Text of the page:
The skill element of this game comes from knowing how to create the best possible pair of two-card starting hands, which is done by choosing the correct common card.
The running example hand can show us exactly how this process plays out. With a 3, 5, and 8 to work with, let’s run through the possible scenarios.
We might use the 5 as the common card, which would create blackjack hands of 5 8 and 5 3. In this case, the starting totals would be 13 and 8, respectively – which aren’t all that appealing to experienced blackjack players.
We could also use the 8 as the common card, creating the following hands: 8 3 and 8 5, for 11 and 13 totals. The 11 total is obviously nice to have, but a 13 is one of the worst starting hands in blackjack.
Finally, we could use the 3 as a common card, creating the following hands: 3 8 and 3 5, for 11 and 8 totals. With an 11, we’ll have the opportunity to double down, and an 8 can be hit safely without fear of busting. Thus, using the 3 as our common card appears to be the right play (and as you’ll learn in the strategy section, this is the optimal decision given this three card starting hand).
Just Like Playing Normal Blackjack
Once you’ve set you two blackjack hands according to the process above, the game then proceeds normally as per traditional blackjack rules. The dealer will check their hand for possible blackjacks before you run through your own decision-making processes to play each blackjack hand.
You may double down and split using the same rules you’d find on any regular blackjack table. Additionally, doubling down after a split and re-splitting are both allowed. In this game, however, players don’t have the option to surrender.
Player blackjacks are paid out at 3 to 2.
We now have hands of 3 8 (11) and 3 5 (8) versus the dealer’s 7 up-card.
On the 11, we’ll obviously take the double down option in a nice spot, paying an extra $5 on that hand for a single additional card. The dealer obliges by dropping in a 10 to complete our hand with a 21 total.
On the 8, we’ll take a hit knowing we can’t go bust, and the dealer slides us a K for an 18 total. We’ll stand on that and see how the dealer’s hand shakes out.
Dealer’s Turn and Paying the Winners
Depending on the house rules, the dealer will either hit or stand on soft 17s, so be careful to check for this provision before putting up your first bet.
The dealer turns over a lowly 5 with their 7, giving them a 12 total, and their forced hit gives them a Q for a 22 total and a bust.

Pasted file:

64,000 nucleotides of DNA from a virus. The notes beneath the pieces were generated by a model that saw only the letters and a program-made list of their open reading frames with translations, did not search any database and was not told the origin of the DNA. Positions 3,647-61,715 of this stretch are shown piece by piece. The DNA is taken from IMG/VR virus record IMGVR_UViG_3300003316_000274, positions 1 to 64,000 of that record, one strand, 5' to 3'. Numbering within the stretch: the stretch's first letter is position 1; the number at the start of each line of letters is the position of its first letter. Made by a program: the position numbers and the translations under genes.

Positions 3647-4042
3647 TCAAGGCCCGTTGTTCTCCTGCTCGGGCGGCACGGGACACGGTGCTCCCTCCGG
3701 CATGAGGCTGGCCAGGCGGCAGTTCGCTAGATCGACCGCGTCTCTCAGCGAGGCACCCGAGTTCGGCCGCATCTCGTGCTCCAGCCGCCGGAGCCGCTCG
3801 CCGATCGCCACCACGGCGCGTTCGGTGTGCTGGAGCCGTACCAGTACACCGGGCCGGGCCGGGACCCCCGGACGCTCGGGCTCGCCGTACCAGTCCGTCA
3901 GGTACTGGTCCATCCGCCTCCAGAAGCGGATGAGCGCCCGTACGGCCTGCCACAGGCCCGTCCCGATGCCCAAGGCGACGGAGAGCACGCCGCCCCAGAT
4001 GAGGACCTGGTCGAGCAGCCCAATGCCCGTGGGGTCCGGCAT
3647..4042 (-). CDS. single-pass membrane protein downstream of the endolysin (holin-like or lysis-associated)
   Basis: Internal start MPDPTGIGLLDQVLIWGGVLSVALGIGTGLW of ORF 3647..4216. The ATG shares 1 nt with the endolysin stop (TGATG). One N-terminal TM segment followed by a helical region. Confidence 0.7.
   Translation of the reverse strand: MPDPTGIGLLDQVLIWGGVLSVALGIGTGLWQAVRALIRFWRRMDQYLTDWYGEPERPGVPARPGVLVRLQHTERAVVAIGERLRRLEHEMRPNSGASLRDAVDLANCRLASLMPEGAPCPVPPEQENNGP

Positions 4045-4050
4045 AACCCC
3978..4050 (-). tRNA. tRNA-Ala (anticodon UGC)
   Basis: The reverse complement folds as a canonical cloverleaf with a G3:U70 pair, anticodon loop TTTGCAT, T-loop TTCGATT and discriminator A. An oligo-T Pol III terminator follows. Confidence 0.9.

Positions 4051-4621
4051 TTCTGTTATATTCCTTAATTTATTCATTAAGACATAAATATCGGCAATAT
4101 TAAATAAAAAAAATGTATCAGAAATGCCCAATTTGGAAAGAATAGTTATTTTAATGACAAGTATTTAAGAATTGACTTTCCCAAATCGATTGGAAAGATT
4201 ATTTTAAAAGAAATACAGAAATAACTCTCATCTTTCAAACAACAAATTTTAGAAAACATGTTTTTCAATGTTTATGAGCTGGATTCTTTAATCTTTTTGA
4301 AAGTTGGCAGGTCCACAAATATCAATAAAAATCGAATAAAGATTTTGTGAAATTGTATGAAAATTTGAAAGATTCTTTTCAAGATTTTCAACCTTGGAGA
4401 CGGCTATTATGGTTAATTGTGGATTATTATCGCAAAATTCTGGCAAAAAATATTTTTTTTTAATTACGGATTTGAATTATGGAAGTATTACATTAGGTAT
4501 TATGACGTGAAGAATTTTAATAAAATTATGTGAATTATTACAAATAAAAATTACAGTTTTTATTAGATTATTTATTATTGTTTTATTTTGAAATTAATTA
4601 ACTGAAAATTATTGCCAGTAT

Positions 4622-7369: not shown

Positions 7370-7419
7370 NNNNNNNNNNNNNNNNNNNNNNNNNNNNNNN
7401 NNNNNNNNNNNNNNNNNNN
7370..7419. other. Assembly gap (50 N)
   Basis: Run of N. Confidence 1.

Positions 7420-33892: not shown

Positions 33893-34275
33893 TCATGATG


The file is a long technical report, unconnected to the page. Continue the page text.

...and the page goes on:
We’d win even money on all wagers, so $10 profit on the doubled down hand, and $5 profit on the other.
The dealer will run through the multiple deck shoe until a certain point is reached, before reshuffling the entire shoe, offering a player at the table the chance to cut the cards, and beginning a new hand.
Best Places to Play Player’s Choice 21
Under the marketing guidance of DEQ Systems, which bills itself as a “leading global provider of gaming technology,” the new version of Player’s Choice 21 is gradually developing a foothold within the crowded casino game landscape.
As of today, the game has been approved by the gaming commissions in three states: Minnesota, Missouri, and Nevada.
Reports of Player’s Choice 21 being played at the Venetian – sister casino to the Palazzo – can be found as recently as 2014, but the game doesn’t appear on the Table Games section of either venue’s website.
Currently, two casinos are verified as having Player’s Choice 21 tables in operation:
- Shooting Star Casino – Mahnomen, Minnesota
- River City Casino – St. Louis, Missouri
Another way to find out exactly where to find this interesting new take on blackjack is to email DEQ Systems directly [email protected] or to contact Renegade Table Games. In either case, representatives for the companies responsible for marketing the game will be glad to point interested players in the right direction.
Player’s Choice 21 Strategy
To borrow a quote from the classic sitcom Seinfeld, when it comes to accurate strategic analysis of new table games like Player’s Choice 21, nobody beats the wiz.
In this case, the wiz happens to be Michael Shackleford, the mathematician and casino game theorist who runs the Wizard of Odds website. Known far and wide within the gambling community, Wizard of Odds provides objective analysis on every aspect of a casino game, from the probabilities associated with each wager to tried and true strategy tips designed to help improve your play.